Do be careful! That’s concentrated evil.
August is almost over, and my summer slump with it. In fact, I’m almost even ready to deal with the novel as well as the research. Thank FSM for the coming of fall and, it’s forecast, a high actually in the 70s this weekend. I am such a shut-in in hot weather, it’s going to be great to actually be able to get out and about after work instead of running for the shelter of the AC.
I know a lot of people would laugh off someone’s cat dying as something strong enough to knock you off your orbit, but – to get it off my chest, as I’m going to have to deal with it in the novel – after a certain amount of loss in your life, you either get extremely numb or more sensitive to each loss. Me, I get more sensitive each time and then try and numb the feelings as best I can. That cat was 17 years old, and when she died, I lost the last link to a time when I had more friends living than dead. In fact, the friends I have now are all acquired within the last eight years, and she and I are, or were, some of the last survivors of AIDS in San Francisco in the early 90s. (I know, with that confession, there goes my last chance of ever getting a job with insurance.) I know one other person from that time who’s still alive. So yeah, it takes it out of you, especially when you’re writing or trying to write a “serious” novel.
Anyway. Link roundup is overdue. In relation to my suspended (soon to be resumed) review of The Craftsman, which has some criticism of the mindset behind CAD, here’s an article by Mythbuster Jamie Hyneman in which he says pretty much the same thing.
Three more links in the AI department. An article in the New York Times about “sentiment analysis,” in which our evil marketing overlords attempt to read our minds based on tweets, comments, reviews and other popular opinion sources. As anyone passingly familiar with computational linguistics could tell you, this is a sticky wicket:
A quick search on Tweetfeel, for example, reveals that 77 percent of recent tweeters liked the movie “Julie & Julia.” But the same search on Twitrratr reveals a few misfires. The site assigned a negative score to a tweet reading “julie and julia was truly delightful!!” That same message ended with “we all felt very hungry afterwards” — and the system took the word “hungry” to indicate a negative sentiment.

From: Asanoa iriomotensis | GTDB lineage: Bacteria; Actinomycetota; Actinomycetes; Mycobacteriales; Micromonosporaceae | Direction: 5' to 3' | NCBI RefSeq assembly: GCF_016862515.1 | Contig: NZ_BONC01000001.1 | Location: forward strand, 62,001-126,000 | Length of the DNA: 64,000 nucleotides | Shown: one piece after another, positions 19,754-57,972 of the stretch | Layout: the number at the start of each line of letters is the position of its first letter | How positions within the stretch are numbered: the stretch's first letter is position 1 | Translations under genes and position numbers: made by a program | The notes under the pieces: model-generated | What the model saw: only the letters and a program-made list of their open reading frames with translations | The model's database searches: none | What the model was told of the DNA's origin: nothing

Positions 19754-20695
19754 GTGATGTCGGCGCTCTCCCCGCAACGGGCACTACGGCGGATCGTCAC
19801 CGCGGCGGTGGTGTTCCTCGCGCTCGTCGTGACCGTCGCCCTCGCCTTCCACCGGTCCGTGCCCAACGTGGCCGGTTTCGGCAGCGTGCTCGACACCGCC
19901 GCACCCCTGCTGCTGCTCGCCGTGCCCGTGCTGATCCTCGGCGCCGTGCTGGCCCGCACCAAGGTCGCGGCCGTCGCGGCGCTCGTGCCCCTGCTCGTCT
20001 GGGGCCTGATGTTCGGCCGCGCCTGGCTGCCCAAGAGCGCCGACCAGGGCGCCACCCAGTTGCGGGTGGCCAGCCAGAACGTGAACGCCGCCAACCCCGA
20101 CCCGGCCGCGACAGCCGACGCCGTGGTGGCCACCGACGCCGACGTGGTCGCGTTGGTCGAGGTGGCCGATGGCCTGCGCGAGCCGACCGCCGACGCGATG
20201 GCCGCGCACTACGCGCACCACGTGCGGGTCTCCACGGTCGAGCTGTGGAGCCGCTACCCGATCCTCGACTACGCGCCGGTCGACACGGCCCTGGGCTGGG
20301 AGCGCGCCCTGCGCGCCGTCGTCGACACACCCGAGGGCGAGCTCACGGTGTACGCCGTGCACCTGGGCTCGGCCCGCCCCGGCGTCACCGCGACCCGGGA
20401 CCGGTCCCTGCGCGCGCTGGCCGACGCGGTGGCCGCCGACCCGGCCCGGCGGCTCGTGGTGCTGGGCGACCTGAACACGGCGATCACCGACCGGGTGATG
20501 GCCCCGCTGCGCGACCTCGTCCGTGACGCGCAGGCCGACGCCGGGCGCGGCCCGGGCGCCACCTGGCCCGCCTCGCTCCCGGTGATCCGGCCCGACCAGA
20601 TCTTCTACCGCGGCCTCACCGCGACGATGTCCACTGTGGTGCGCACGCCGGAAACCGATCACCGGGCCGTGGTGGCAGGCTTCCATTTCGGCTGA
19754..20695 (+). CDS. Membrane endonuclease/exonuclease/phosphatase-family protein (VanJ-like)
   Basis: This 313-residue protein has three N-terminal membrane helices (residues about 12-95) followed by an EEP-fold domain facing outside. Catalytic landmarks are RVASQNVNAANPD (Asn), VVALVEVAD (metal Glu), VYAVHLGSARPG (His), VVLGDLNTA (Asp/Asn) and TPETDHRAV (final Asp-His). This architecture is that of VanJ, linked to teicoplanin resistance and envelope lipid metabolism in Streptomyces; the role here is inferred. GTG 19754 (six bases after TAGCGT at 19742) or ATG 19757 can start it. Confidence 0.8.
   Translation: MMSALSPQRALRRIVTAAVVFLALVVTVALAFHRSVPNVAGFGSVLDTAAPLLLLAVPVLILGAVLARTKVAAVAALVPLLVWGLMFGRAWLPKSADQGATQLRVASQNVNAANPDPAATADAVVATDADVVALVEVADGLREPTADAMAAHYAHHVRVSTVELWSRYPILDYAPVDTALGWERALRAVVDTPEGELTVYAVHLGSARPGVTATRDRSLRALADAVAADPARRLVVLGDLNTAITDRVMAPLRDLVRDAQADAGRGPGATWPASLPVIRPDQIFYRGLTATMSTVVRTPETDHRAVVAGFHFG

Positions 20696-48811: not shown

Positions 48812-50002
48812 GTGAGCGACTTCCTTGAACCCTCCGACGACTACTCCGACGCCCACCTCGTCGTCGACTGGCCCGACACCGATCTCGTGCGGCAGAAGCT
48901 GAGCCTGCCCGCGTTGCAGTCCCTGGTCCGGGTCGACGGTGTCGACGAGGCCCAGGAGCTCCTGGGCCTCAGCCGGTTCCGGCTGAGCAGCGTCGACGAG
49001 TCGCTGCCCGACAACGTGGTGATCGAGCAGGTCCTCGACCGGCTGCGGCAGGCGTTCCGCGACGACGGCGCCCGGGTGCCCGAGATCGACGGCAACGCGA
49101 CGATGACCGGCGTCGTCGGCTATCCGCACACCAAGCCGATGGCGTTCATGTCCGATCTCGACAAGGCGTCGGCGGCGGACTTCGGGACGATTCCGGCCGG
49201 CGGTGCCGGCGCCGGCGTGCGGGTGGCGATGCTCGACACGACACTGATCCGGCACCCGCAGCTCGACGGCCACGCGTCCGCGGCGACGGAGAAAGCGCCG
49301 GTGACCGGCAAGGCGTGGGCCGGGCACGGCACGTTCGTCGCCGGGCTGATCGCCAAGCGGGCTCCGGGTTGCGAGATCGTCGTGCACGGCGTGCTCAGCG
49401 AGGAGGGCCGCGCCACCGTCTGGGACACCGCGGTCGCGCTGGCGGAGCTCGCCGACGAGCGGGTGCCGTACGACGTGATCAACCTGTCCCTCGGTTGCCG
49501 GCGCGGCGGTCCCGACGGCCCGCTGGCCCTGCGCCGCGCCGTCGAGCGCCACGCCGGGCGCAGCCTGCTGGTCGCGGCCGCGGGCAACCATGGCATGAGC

Translating the slippery stuff of human language into binary values will always be an imperfect science, however. “Sentiments are very different from conventional facts,” said Seth Grimes, the founder of the suburban Maryland consulting firm Alta Plana, who points to the many cultural factors and linguistic nuances that make it difficult to turn a string of written text into a simple pro or con sentiment. “ ‘Sinful’ is a good thing when applied to chocolate cake,” he said.
The simplest algorithms work by scanning keywords to categorize a statement as positive or negative, based on a simple binary analysis (“love” is good, “hate” is bad). But that approach fails to capture the subtleties that bring human language to life: irony, sarcasm, slang and other idiomatic expressions. Reliable sentiment analysis requires parsing many linguistic shades of gray.
In the “Selfish Gene” department, here’s an article on robots who are evolving the capacity to deceive other robots:
The team programmed small, wheeled robots with the goal of finding food: each robot received more points the longer it stayed close to "food" (signified by a light colored ring on the floor) and lost points when it was close to "poison" (a dark-colored ring). Each robot could also flash a blue light that other robots could detect with their cameras.